Darktrace Shares Dip Again As Investor Lockdown Ends | Business
Shares of cybersecurity firm Darktrace fell again after an analyst note raising doubts about its valuation and as the expiration looms a lock-up on insiders selling their stakes.
The Cambridge-based company, which had been a star since launching in April and entering the FTSE 100 last week, closed 121p to 698p on Monday, a drop of more than 15% which valued the company at 4.7 billion of pounds sterling.
Its shares began to dip last week after an analyst note from Peel Hunt questioned its sky-high valuation. The note raised a series of issues, including the fact that some customers of Darktrace, which uses artificial intelligence to create digital security products to keep businesses ahead of hackers and viruses, described its technology like “snake oil”.
The company, led by its co-founder Poppy Gustafsson, 39, lost around Â£ 2 billion from its market capitalization in a week.
Last month Gustafsson, a senior female executive in the male-dominated tech scene, attended a government event promoting investments in Britain held at Windsor Castle, where she was pictured meeting the queen.
The company’s shares had been close to 1,000 pence in recent weeks, valuing the company at nearly Â£ 7 billion, quadruple the 250 pence it started trading when it debuted on the London Stock Exchange. .
The latest drop in Darktrace’s stock price – the largest on the FTSE 100 – comes as the 180-day lockdown of investors who were on board during the IPO selling their shares ends on Wednesday.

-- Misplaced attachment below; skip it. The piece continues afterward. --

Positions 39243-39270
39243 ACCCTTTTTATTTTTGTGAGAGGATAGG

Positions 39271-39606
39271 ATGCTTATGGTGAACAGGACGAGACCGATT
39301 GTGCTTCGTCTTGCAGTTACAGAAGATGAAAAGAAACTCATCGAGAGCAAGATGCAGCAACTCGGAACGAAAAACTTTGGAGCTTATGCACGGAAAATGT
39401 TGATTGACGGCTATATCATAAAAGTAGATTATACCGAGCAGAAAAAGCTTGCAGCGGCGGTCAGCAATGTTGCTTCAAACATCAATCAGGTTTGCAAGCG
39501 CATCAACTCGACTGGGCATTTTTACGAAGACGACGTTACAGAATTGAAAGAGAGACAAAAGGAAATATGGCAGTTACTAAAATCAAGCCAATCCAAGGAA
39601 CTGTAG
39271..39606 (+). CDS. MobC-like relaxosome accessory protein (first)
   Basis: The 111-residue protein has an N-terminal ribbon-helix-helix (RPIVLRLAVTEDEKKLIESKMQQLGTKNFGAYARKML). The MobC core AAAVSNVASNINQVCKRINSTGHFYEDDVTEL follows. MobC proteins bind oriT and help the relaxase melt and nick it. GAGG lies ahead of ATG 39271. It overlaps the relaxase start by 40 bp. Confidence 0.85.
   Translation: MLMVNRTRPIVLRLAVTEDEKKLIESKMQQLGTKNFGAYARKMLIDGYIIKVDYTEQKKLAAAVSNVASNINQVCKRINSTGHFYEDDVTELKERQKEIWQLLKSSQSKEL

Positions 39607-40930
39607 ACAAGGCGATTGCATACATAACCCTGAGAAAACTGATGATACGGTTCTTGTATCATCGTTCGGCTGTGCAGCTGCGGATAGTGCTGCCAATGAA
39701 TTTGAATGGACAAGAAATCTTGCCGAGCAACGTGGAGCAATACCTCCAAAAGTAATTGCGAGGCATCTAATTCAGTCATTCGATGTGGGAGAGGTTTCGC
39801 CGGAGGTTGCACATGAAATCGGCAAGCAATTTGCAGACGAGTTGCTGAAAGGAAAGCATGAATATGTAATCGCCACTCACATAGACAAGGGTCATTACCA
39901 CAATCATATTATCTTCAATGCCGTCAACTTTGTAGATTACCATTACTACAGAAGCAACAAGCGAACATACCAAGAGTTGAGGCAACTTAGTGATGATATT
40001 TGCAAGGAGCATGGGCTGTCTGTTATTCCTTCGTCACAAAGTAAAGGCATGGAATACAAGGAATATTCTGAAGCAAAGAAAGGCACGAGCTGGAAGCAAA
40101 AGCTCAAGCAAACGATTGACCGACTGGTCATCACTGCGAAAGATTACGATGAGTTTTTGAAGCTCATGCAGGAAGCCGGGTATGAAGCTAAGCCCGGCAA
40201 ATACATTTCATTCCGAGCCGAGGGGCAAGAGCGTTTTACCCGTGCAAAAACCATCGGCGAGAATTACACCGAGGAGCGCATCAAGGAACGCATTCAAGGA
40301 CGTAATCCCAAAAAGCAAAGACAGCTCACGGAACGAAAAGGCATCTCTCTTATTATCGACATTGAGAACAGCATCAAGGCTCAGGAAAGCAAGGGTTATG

Investors who could walk away from their stakes include British tech billionaire Mike Lynch, the first and largest shareholder of Darktrace, which sold software group Autonomy to Hewlett-Packard for Â£ 8.4bn in 2011.
Lynch and his wife, Angela Bacares, own a 16.2% stake in Darktrace, worth around Â£ 780million, and are its second largest shareholders.
Lynch is appealing his extradition to the United States, where he is accused of fraudulently inflating Autonomy’s value before it was sold to HP, and is also awaiting judgment in a $ 5 billion civil fraud lawsuit brought by HP. He denies any wrongdoing in either case.
Last Monday, two days before Darktrace replaced Morrisons in the FTSE 100 after the supermarket chain was acquired by US private equity group CD&R, an analyst note titled Reality Check from city broker Peel Hunt reported wiped out more than a fifth of the company’s market capitalization. .
The note warned that there was a “disconnect” between the valuation of the company and its growth prospects.
âWhile we believe the high growth rates will continue, we are also seeing a disconnect between valuation and the ultimate income opportunity,â the note said.
âAfter taking into account the potential size of the market, the intensification of competition and the limited number of Darktraces [research and development] spend, we take an approach more based on our valuation, giving a target price of 473 pence.
Darktrace joins a series of companies that initially experienced a pandemic boom – including fashion firms Asos, Boohoo and The Hut Group, as well as grocery delivery firm Ocado and spread betting firm CMC Markets – to lose their luster with investors in recent months.
Darktrace, which has nearly 6,000 clients, said its revenue grew 50.8% year-on-year in the quarter to the end of September, significantly slower than the nearly quadrupling in share price the company had. benefited until last week.
“Darktrace uses cutting-edge AI technology to protect nearly 6,000 customers worldwide, 1,500 of whom signed up last year, âsaid a company spokesperson.
âThis self-taught AI, who learns an organization’s digital footprint, advocates for all sectors of industry, from critical national infrastructures to global banks and businesses. Our AI technology interrupts a cyber threat every second, stopping attacks before they escalate into crises. “
The company was founded in 2013 by mathematicians from the University of Cambridge, artificial intelligence experts and cybersecurity specialists from GCHQ.